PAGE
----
After the nature has been decided on, it is not infrequent, when the members differ as to the quantum of corporal punishment, imprisonment, or transportation, that the aggregate amount awarded by all the members collectively is divided by the number of members constituting the court, to determine the number to be inserted as the punishment, all broken portions being discarded in favor of the prisoner; but it is believed that such custom is decidedly erroneous, as, by adhering to it, the opinion of the majority of the court must often be overruled; whereas, in this as in every case, as just stated, the opinion of the majority ought as before stated to prevail.
Should the court be equally divided as to Votes being the nature or quantum of punishment, it has seniente dentence hitherto been the custom to give the prisoner the benefit of the more lenient judgment; and, indeed, the condition which requires an absolute
(1) Opinion of judge advocate general, 12th Aug., 1834.
majority is, in most cases, literally satisfied by some member, and often the whole court, being found, on re-considering the question, to have coincided with that opinion, which leans to the
side of mercy.
Punishments are either peremplory or discretionary.
The punishments which courts martial are called on to apply are either peremptory, that is, specially enjoined by the mutiny act, or other act of parliament, or by the articles of war; or they are discretionary, that is, the court in its judgment applies such punishment as it may deem proportionate to the offence, the same being authorized by the mutiny act, articles of war, or by the custom of the service. It is not necessary, in this place, to advert to the jurisdiction of courts martial held, under the hundred and second article of war, for the cognizance of crimes not military.
Peremptory punishments for military offences Ollicers, except apply only to officers, except the forfeitures inon dosertion, &c. cidental to a conviction of desertion or absence ties on habitual without leave ;' the forfeiture to be awarded
for habitual drunkenness ;- and the punishments defined in the second article of war.
The offences placed beyond the discretionary by Mutiny Act; power of courts martial by the mutiny act, and
not also specified in the articles of war, are : Clause 39.-Acting contrary to the provisions of the
and tho penal
mutiny act, in any respect, regarding the
enlisting and attesting of recruits : 50.-Unlawfully detaining any officer's or soldier's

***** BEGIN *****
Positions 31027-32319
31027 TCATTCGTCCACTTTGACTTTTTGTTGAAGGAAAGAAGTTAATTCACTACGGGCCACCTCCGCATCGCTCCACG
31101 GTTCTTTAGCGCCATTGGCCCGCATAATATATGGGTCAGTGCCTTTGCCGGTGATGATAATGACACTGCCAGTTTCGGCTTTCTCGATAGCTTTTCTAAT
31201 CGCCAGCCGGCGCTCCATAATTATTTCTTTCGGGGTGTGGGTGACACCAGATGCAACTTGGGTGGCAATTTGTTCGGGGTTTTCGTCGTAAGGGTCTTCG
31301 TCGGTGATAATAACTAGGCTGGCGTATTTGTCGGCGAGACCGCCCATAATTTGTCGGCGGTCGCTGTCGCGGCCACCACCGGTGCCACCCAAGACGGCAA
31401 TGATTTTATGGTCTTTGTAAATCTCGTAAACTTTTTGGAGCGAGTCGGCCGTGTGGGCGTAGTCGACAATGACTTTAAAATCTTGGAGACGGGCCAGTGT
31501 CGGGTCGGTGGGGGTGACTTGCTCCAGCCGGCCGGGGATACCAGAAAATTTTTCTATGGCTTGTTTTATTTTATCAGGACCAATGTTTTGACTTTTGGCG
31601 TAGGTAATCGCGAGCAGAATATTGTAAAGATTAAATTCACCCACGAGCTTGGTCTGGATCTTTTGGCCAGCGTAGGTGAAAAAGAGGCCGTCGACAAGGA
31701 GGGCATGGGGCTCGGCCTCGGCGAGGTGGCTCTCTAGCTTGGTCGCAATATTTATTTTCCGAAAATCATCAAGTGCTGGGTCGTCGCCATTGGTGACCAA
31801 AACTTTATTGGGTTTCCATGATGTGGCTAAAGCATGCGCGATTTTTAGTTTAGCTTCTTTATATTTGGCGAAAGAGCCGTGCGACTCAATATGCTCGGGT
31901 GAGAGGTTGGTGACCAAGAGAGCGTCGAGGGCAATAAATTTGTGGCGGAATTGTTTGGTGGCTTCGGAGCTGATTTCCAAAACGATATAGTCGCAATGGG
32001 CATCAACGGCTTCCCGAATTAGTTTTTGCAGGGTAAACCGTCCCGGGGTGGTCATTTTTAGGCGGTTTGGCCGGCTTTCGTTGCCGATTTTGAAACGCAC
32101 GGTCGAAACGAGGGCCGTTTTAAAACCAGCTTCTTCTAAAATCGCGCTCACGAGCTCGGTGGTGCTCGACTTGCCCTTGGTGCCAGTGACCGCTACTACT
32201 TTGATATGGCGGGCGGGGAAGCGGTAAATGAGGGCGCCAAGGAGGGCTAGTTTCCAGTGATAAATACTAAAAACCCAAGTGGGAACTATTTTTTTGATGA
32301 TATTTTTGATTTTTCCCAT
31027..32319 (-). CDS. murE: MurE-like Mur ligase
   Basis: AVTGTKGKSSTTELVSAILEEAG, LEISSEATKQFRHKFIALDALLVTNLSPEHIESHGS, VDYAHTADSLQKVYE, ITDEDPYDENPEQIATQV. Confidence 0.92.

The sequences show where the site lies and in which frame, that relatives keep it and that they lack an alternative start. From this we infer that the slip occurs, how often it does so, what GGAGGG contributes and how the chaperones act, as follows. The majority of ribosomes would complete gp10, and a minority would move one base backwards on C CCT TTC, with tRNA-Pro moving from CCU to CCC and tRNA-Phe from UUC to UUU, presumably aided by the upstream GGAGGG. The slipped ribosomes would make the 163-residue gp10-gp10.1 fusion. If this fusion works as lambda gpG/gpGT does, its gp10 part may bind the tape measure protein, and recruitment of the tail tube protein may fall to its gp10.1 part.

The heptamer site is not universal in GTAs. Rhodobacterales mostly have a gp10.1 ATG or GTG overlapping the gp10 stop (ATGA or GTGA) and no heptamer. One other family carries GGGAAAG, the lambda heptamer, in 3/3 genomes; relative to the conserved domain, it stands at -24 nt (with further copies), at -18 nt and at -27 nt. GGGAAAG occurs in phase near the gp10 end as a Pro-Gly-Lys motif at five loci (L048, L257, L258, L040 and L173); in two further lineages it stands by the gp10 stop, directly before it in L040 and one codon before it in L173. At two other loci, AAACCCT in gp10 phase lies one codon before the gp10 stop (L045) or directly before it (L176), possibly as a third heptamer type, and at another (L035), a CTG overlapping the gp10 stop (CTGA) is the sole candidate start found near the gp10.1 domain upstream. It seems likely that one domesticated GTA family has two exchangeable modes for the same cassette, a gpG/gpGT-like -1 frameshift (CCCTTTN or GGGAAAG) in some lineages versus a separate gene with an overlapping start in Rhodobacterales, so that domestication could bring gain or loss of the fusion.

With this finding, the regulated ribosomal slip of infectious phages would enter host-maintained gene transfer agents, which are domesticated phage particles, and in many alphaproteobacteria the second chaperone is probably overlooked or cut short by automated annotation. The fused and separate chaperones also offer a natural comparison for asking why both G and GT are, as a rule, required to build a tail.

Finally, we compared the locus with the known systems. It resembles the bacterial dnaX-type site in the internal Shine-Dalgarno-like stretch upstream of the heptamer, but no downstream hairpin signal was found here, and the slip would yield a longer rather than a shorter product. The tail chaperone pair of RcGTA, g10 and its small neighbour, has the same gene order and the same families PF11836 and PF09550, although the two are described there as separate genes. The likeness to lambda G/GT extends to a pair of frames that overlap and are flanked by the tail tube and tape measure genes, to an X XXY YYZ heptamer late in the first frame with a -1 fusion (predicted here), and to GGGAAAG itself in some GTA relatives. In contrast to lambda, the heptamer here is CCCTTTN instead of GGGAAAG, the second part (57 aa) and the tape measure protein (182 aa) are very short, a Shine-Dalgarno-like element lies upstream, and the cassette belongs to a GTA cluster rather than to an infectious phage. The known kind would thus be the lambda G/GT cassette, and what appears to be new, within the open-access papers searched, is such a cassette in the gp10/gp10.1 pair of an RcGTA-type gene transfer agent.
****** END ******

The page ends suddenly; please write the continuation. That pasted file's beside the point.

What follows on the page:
pay for the space of one month, or refusing to pay the same when due.
(1) 38 Art. War. (2) 51 Art. War. See Ilabitual Drunkennc38.-Index.
price for Com
As to the first mentioned offence, the statute Enlisting and runs, that the offender upon “proof thereof, upon oath by two witnesses before a general court martial, which is hereby authorized to administer such oath, be cashiered, and disabled to hold any civil or military office or employment in his majesty's service.” And as to Dotaining pay. the latter offence, it is enacted, that upon proof thereof before a court martial, the offender shall “ be discharged from his employment, and shall forfeit one hundred pounds.
The 49 Geo. 3, c. 126, sec. 8, an extract of 19 Geo. 3, c. 196. which is given in the general regulations and maintenance orders for the army, declares that any officer mission. who shall accept, receive, or pay a larger sum of money, as the price of a commission, than that established by the regulations, shall, on being convicted thereof by a general court martial, forfeit his commission and be cashiered. It is not, therefore, competent to a court martial, on conviction of this offence, to award any other punishment than that expressed by the act ; which, if it were otherwise doubtful, must be evident from the general order issued on the promulgation of the general court martial on lieutenant W. G. White, of the 94th regiment.
The offences declared by the articles of war offences punishable peremptorily on conviction, no dis- gremptorilor cretionary power vesting in the court, are speci- o War ; fied in the second and fifth, from the nineteenth to the thirty-seventh article inclusive, and from the forty-third to the forty-eighth.
(1) Gen. Reg. p. 51.